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Married Women at the BBC: A Change in Attitude

There is no single explanation as to why the BBC’s views on married women’s work began to change. Rather, there are an assortment of motivations that include economic expediency, social traditionalism, institutional aggrandisement and cynical self-interest. It is also apparent that the driving force behind the introduction of the bar were two senior officials in the Administrative Department, Valentine Goldsmith and his assistant Douglas Clarke. Miss Freeman, newly appointed as WSA also played a leading role.

Economic factors were significant. By 1931, the Depression had taken a deep hold in the UK and, with millions out of work, discussions about married women’s employment were heightened. In the early 1930s especially, anger was directed at married women workers who were seen to be taking jobs away from single women as well as from unemployed men. Even the socialist and feminist Margaret Cole acknowledged the ‘very real fear’ among men if married women were allowed or encouraged to go on earning or holding down jobs, a fear shared by their wives.[1] It was in this light that married women’s work was discussed three times at the BBC’s Control Board in 1931. The all-male executive tussled with questions such as whether women whose husbands were in work should be refused BBC posts and how married women already on the staff should be treated.[2] To get a better understanding of the issues it was decided that Clarke, Goldsmith’s assistant in the Administrative department, would investigate practices in other firms.[3] Clarke was diligent and in September 1932 he reported to Goldsmith that he had held long interviews with the London Life Association, the Ministry of Labour, Imperial Chemical Industries, the Prudential Assurance Company, the National Provincial Bank, the London County Council, Marconi and the Underground Railways of London.[4] He had also sought corroboration on the issue from the Civil Service. With the exception of the Underground Railways of London, Clarke affirmed, all the companies terminated their women staff on marriage, giving as their reasons ‘principally the labour market’, although most also expressed the personal view that married women ‘could not well carry on a business and run a home’.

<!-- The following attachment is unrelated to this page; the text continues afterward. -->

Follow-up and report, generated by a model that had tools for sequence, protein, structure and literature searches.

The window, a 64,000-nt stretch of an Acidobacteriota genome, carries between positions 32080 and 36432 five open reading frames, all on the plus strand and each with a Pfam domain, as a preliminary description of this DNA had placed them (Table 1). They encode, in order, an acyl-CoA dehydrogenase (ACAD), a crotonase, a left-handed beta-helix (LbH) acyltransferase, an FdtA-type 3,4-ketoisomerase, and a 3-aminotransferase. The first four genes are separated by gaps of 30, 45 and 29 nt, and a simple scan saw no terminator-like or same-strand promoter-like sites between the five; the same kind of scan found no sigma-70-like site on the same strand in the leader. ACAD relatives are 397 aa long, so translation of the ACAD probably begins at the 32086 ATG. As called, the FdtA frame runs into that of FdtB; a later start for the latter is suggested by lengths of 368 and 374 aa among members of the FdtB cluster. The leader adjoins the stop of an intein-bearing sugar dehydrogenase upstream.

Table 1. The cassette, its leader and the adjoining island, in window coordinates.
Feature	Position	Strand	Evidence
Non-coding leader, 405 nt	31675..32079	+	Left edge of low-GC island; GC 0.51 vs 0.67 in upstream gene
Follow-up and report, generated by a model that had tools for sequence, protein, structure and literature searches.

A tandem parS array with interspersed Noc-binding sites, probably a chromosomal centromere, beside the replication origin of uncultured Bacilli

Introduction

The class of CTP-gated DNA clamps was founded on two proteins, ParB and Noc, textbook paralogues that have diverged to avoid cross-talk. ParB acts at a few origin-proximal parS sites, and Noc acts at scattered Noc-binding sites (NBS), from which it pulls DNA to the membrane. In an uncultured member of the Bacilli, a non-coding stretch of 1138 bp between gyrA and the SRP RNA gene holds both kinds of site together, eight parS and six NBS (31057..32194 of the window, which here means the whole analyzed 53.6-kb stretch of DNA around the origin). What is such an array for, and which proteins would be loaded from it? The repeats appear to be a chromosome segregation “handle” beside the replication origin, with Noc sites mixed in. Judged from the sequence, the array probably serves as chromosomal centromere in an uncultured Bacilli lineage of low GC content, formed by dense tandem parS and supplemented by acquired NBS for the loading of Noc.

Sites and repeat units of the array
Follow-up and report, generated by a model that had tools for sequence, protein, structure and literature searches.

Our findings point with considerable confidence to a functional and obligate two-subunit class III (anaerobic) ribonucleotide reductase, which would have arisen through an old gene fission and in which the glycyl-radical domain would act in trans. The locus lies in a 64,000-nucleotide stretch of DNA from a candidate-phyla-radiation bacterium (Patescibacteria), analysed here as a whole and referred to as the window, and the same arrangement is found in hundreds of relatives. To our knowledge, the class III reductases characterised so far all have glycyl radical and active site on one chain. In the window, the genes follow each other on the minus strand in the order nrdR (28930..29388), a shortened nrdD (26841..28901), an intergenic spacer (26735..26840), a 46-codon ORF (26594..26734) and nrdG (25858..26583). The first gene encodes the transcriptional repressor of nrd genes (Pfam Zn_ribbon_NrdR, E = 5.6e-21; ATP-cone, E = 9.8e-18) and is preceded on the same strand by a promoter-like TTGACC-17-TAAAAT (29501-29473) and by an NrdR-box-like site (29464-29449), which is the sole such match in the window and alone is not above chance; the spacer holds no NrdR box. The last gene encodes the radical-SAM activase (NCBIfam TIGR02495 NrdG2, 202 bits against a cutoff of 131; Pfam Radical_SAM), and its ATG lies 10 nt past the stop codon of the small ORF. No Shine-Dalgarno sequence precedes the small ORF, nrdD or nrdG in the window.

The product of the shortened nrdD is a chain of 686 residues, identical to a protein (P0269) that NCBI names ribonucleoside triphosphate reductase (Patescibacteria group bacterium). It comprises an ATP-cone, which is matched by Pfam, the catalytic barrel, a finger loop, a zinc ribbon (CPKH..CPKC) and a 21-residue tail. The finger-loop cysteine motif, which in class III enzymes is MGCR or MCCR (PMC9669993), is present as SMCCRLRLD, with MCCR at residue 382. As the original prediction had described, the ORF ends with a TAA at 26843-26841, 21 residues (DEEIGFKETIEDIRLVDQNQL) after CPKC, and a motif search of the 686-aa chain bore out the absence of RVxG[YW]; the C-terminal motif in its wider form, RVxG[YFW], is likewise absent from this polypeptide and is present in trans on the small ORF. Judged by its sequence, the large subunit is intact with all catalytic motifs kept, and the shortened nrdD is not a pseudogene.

This view of the double-burden was widely held. It was not deemed practical for a respectable woman to attempt both to work and run a home. In August 1933, for instance, when the press got a whiff of the BBC’s marriage bar, the Glasgow Evening Citizen bellowed:

How can a woman possibly do justice to her home and to her family if she has to devote her attention to another job? Equally, how can she fulfil her obligation to her employer if her mind is preoccupied, as it must be, with domestic affairs? No more than a man can a woman serve two masters.[5]